JOHANNESBURG (Reuters) – Finance Minister Malusi Gigaba laid out an ambitious 14-point programme on Thursday to wrench the economy out of recession that included the sale of non-core assets and partial privatisation of state-owned firms.
The plans to stimulate growth in the continent’s most industrialised economy appear to represent an ideological shift by the African National Congress (ANC), whose political alliance with the unions has tended to make privatisation a dirty word.
A team commissioned by President Jacob Zuma to review state firms last year recommended that some should be sold. Now the government has set a date – March 2018 – by which to roll out a “private sector participation framework”.
“All of these items that we have announced … they constitute an important intervention to restore confidence and demonstrate action, and outline an action plan that we as government can be responsible for,” Gigaba said.
The government would also reduce the number of debt guarantees to this firms, especially those extended for operational purposes, he said.
Analysts said Gigaba’s plan could face opposition.
“I’m not sure how far he is going to be able to get with this because I think ideologically there’s a lot of opposition,” NKC African Economics analyst Gary van Staden said.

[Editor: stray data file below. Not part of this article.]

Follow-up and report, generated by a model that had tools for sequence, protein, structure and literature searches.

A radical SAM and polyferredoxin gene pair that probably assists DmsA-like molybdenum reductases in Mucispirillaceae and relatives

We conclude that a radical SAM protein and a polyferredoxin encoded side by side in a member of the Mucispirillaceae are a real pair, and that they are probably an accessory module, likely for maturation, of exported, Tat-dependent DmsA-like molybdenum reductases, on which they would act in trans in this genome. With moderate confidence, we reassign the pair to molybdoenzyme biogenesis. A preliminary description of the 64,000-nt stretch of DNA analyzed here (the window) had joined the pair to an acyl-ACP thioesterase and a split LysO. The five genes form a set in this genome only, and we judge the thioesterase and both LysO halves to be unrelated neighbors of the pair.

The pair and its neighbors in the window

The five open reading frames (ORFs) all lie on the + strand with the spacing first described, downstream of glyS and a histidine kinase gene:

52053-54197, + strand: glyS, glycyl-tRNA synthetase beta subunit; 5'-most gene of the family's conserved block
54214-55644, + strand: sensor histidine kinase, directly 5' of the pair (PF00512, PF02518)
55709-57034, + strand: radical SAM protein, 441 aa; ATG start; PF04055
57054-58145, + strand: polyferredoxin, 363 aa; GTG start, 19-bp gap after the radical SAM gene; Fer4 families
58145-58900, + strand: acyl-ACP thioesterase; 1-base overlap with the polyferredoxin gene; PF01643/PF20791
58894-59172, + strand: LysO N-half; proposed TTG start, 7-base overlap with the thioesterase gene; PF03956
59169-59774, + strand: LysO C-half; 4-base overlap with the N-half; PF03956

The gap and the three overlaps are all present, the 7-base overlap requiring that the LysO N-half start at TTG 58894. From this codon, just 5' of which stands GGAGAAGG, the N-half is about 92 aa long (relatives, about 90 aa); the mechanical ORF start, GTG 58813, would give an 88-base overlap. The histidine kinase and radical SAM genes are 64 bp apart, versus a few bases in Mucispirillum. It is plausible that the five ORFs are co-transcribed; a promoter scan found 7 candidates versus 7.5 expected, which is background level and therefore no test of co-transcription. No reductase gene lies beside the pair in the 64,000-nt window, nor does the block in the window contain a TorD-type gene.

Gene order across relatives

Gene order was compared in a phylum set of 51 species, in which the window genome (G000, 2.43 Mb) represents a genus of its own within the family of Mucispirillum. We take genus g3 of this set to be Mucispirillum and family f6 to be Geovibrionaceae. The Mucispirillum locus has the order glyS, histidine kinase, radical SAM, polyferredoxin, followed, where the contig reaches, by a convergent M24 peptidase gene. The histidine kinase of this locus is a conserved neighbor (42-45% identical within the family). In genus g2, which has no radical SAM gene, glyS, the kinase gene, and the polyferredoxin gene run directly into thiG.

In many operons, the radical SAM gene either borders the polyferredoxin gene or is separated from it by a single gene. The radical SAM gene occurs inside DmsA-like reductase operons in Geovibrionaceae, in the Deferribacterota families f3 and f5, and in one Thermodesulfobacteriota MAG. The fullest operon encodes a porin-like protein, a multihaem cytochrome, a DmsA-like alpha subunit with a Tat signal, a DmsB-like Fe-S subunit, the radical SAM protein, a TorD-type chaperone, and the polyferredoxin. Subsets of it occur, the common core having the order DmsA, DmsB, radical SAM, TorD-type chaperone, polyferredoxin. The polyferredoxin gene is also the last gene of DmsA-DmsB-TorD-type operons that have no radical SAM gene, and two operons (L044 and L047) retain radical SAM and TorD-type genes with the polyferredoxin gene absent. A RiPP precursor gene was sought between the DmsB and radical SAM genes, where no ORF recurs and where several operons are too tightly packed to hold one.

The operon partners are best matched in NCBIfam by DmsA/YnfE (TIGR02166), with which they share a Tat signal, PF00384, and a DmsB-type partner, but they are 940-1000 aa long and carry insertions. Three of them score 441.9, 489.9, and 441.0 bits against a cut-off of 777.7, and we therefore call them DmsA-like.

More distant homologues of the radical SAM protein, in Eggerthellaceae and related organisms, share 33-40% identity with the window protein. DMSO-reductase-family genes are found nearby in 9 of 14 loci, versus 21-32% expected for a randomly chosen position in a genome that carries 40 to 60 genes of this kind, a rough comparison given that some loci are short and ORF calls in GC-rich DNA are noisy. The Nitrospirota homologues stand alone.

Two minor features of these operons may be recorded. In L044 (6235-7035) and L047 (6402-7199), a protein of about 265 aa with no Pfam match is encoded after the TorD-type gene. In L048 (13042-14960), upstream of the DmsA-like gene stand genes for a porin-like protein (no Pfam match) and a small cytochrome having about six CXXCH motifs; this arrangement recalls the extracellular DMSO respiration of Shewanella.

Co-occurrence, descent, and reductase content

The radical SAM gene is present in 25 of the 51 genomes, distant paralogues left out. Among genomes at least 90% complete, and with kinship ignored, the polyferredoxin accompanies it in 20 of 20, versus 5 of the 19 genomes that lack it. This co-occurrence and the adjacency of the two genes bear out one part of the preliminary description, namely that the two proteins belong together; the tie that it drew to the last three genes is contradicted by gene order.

“The last time I heard the ANC even talk about privatisation or even talk about sale of state owned assets on any kind of level is when Thabo Mbeki was president. It’s been a long time.”
South Africa’s economy entered recession for the first time since 2009 in the first quarter and is also struggling with high unemployment and credit ratings downgrades.
The state of the economy is adding to the pressure on Zuma, who is also facing persistent corruption allegations and increasing calls for him to stand down from within the ANC. Parliament will hold a no-confidence vote on Zuma next month.
Many of South Africa’s 300-odd state-owned companies are a drain on the government’s purse. Ratings agencies have singled out some as threat to its overall investment grade rating.
The firms, known as “parastatals” in South Africa, include companies such as South African Airways, power utility Eskom and logistics group Transnet that are regarded as central to the functioning of the economy.
Gigaba did not say what would be going under the hammer first, saying that would be determined by an audit.
BNP Paribas South Africa economist Jeff Schultz said investors would want to see more details before endorsing it as a viable turnaround strategy.
“It’s very difficult to say at this stage. He was quite cagey on what sales of non-core assets he was referring to,” Schultz said.
South Africa sold its stake in mobile phone firm Vodacom in 2015 to as part of a 23 billion rand capital raising for Eskom.
Schultz said it might try to sell similar stakes, rather than embracing formal privatisation.
“In much the same way as government sold down their stake in Vodacom, the government is looking to do similar things to try and raise some revenue in the near term,” he said.